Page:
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Xiphactinus audax

Venezuela epaiva Offline
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( This post was last modified: 11-25-2017, 06:08 AM by epaiva )

Xiphactinus is an extinct genus of large (4.5 to 6 metre predatory marine bony fish that lived during the Late Cretaceous. When alive, the fish would have resembled a gargantuan, fanged tarpon (to which it was, however, not related). The species Portheus molossus described by Cope is a junior synonym of X. audax. Skeletal remains of Xiphactinus have come from Kansas (where the first Xiphactinus fossil was discovered during the 1850s), and Cretaceous formations all over the East Coast (most notably Georgia, Alabama, North Carolina, and New Jersey) in the United States, as well as Europe, Australia, Canada and Venezuela.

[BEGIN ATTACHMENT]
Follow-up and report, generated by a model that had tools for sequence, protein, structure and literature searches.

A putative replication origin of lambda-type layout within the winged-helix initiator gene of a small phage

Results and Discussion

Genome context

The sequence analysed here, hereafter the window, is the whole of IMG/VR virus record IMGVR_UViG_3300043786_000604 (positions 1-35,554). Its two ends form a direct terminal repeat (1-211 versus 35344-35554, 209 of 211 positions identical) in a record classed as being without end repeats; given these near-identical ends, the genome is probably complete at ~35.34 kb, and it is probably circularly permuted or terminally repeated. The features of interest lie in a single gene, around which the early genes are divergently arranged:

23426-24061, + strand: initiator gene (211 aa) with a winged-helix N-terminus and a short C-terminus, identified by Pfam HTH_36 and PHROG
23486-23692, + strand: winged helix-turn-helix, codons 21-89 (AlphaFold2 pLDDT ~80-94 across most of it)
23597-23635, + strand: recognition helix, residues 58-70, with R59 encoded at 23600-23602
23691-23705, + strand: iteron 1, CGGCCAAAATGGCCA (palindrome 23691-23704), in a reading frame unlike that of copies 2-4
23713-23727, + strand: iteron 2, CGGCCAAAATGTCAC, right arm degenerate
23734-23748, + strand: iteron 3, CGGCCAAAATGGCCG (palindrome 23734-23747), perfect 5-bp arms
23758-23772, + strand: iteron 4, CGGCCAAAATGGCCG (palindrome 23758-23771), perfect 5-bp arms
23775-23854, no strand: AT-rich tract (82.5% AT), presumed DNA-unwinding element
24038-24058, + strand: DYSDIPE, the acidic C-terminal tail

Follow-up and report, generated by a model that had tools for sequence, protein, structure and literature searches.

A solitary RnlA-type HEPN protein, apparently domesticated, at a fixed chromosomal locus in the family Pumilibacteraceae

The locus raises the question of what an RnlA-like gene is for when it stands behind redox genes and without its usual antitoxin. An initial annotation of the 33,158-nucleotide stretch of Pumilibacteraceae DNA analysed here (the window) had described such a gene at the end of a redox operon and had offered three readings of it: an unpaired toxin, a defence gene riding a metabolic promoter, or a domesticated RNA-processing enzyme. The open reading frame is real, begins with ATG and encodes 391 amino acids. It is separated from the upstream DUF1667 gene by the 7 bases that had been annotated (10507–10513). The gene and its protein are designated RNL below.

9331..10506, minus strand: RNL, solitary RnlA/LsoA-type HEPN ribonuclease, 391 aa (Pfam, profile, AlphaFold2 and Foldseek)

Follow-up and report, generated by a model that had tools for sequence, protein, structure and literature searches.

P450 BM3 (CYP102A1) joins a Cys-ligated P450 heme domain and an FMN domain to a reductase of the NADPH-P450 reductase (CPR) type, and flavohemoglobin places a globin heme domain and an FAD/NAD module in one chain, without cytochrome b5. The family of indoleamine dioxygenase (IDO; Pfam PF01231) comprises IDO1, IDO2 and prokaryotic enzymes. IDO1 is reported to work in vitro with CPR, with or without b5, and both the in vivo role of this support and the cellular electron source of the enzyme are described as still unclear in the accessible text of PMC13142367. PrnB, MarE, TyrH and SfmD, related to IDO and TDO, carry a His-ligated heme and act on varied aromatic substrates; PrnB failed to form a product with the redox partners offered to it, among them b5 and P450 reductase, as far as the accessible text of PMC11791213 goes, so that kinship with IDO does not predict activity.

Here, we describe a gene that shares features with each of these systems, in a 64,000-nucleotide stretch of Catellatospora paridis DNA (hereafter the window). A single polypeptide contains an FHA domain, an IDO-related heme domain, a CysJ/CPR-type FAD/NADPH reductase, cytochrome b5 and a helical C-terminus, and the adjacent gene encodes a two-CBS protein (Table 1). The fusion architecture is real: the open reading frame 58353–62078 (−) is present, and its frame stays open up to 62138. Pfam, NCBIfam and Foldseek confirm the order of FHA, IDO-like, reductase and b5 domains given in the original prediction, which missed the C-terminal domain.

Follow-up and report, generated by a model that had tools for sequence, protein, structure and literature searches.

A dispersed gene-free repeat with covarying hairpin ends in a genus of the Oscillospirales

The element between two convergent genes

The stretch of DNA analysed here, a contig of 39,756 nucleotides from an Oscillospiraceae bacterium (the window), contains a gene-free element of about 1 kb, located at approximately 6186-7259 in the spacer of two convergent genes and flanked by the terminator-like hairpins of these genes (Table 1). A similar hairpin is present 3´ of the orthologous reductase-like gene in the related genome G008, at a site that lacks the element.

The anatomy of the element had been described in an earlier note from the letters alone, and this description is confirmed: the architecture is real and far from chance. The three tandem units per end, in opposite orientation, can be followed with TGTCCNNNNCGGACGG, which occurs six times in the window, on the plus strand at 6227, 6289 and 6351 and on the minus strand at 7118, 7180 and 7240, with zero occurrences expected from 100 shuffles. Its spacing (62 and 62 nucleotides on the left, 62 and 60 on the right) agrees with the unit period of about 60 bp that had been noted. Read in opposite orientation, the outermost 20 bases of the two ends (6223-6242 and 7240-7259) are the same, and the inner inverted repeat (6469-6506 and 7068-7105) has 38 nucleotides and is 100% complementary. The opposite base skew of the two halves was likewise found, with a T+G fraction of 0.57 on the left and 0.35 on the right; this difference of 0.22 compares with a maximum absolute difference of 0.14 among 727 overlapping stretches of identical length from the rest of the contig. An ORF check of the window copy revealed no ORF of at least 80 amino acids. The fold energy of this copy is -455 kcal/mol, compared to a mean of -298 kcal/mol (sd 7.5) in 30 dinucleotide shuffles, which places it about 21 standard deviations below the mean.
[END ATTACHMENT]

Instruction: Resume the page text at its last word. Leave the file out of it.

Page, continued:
Species of Xiphactinus were voracious predatory fish. At least a dozen specimens of X. audax have been collected with the remains of large, undigested or partially digested prey in their stomachs. In particular, one 4.0 m fossil specimen was collected by George F. Sternberg with another, nearly perfectly preserved 1.8 m long ichthyodectid Gillicus arcuatus inside of it. The larger fish apparently died soon after eating its prey, most likely owing to the smaller fish prey's struggling and rupturing an organ as it was being swallowed. This fossil can be seen at the Sternberg Museum of Natural History in Hays, Kansas.
Like many other species in the Late Cretaceous oceans, a dead or injured individual was likely to be scavenged by sharks (Cretoxyrhina and Squalicorax). The remains of a Xiphactinus were found within a large specimen of Cretoxyrhina collected by Charles H. Sternberg. The specimen is on display at the University of Kansas Museum of Natural History.
Credit to @dinosaurologia


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